Getting Inspired About Biking
Our guest speakers, Kurt Wallace Martin and Amy Harcourt, do not own a car and mostly get around by bike, on foot and via public transit. Once in awhile they use ZipCar. Their mission is to make it easy for others to do the same.
Did you know that 40% of the trips in suburbia are less than 2 miles, yet 90% of them are by car! This statistic was shared by the guest speakers at our “Get Inspired About Biking” event on January 19. Partners in the consulting firm Bikes Make Life Better shared some inspiring images and stories about a town, a university, and a company that are having success encouraging bicycling instead of driving solo. We also learned about some very cool technologies that blend GPS, solar, bicycling, mobile phones and the internet to encourage biking.
City Center as Living Room
In the 1970s the town of Groningen, Holland decided to do something about sprawl and traffic congestion. They developed a vision of a mostly car-free, compact city where the center would be like a “living room.” It would be a space where citizens would gather and move about freely, enjoying the beautiful architecture and canals without car congestion. They created a ring road around the city, moved most car parking outside the city center and made the roads bike-friendly and easy for public transit. There are even certain roads that are one-way for cars but two-way for bikes. And the city installed massive amounts of bike parking. Today 57% of all trips in town are made by bike.
Copyright 2008, Cyclestreets.net. A street in Groningen, a Dutch town of 180,000 inhabitants where 57% of trips are made by bike.
In 2011, Stanford University earned the first and (so far) only Platinum Level Bicycle Friendly University designation by the League of American Bicyclists. Stanford has about 13,000 bicyclists on campus daily. The university has a Commute Club and offers a wide range of options to get to and from campus, including carpool, vanpool, shuttle, ZipCar, bike paths and safety programs. Now, more than half the commuters to campus choose an alternative to single-occupancy vehicles. Stanford invests in promoting bicycling, in part because it’s a relatively inexpensive way to avoid paying to upgrade public intersections near the campus – something the university is legally obligated to do if its commuters cause traffic congestion in the surrounding communities.
Facebook Likes Bicycles
Facebook’s new Menlo Park campus at the former “East Campus” location of Sun Microsystems currently houses about 2,000 employees and the company is expected to double its population within the next year. Facebook has set a goal of getting half its employees to work by alternative means – shuttle, bus, rideshare, public transit and bicycle – with a target of 8% bike commuting. To support this goal, they’ve installed showers and lockers in all buildings, bike racks and secure bike shelters near each building. And to help employees get around the sizable new campus, Facebook has just added a fleet of 60 bikes.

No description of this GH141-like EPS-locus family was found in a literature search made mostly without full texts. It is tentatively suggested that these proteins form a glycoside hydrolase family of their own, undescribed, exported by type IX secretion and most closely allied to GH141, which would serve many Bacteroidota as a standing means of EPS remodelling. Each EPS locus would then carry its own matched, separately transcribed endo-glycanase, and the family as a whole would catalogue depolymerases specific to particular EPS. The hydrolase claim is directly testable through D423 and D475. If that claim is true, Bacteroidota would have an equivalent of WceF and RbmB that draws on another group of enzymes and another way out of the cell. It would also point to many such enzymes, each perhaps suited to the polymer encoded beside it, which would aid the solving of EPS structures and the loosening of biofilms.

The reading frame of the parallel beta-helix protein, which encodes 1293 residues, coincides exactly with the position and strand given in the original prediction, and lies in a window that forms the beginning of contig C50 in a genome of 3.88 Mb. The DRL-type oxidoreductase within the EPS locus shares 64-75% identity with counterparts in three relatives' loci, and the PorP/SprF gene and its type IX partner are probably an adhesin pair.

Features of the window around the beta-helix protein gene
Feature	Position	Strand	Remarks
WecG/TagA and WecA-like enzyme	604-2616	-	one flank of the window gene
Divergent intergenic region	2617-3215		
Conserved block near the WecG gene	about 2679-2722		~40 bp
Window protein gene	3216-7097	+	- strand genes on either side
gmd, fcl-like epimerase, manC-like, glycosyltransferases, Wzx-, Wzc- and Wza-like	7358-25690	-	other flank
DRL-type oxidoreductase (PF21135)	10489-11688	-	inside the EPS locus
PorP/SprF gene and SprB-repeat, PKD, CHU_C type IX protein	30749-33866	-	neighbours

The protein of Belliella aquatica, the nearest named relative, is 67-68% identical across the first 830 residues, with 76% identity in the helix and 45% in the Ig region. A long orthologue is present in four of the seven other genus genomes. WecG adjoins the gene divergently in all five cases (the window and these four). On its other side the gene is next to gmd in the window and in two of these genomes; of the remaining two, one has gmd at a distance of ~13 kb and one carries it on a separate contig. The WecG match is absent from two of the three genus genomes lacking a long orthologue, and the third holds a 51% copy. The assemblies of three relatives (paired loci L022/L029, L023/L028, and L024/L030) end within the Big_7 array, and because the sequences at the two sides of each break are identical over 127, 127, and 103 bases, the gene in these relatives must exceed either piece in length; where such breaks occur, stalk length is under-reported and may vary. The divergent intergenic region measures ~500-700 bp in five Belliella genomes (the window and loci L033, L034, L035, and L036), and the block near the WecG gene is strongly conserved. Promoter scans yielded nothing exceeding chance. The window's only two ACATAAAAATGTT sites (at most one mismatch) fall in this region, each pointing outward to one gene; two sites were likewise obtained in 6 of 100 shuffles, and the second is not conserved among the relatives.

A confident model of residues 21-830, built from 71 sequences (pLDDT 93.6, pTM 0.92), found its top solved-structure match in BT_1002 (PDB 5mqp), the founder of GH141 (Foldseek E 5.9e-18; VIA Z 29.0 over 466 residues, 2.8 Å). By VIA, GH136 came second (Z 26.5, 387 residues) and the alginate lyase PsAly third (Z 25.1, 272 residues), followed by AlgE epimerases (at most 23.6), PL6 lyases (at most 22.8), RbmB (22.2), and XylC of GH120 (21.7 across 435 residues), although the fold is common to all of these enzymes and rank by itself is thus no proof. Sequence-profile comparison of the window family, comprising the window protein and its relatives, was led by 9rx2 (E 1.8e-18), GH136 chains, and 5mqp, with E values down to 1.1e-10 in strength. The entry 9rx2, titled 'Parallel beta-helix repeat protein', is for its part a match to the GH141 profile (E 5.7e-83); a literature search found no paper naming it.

Social/Mobile Technology Inspires Bicycling
Here in Silicon Valley, some of the hottest trends in consumer technology revolve around “social,” “local” and “mobile” – also known as SoLoMo! Imagine using your smartphone or iPad to locate, reserve and unlock a GPS-enabled bike to borrow. Social Bicycles has created this solution. Because their bikes can be locked to any bike rack and unlocked simply by entering a code on a keypad, they do not require the expensive infrastructure investments that some bike-sharing solutions require (e.g. specialized kiosks). The GPS and the locking mechanism are powered by battery that is charged by a dynamo that runs when the bike is pedaled. And there is also a small 2-watt solar panel installed on the back of the bike that provides power in case the bike has not been ridden (i.e. charged) for a couple of days. Check out this video to see how the system works.
Sobi Bike-Sharing System
Another interesting SoLoMo product for bicycling is Strava. This service tracks your rides, times and achievements and lets you share them with friends. Once you download the mobile app and sign up for the service, you just grab your smartphone or Garmin GPS system, go for a ride and then sync with Strava.com. It works anywhere in the world that you can get a GPS signal.
What Inspires You?
In our community, we are blessed with a temperate climate, lots of sunshine and plenty of shopping and recreational opportunities in short biking distances from our homes. I get inspired to ride my bike when the weather is fine, but I also get a kick out of securing a close-in premium parking space and having a relatively stress-free ride to my nearby destinations. And as a bonus, it just feels good! What inspires you to ride your bike in Los Altos and Los Altos Hills?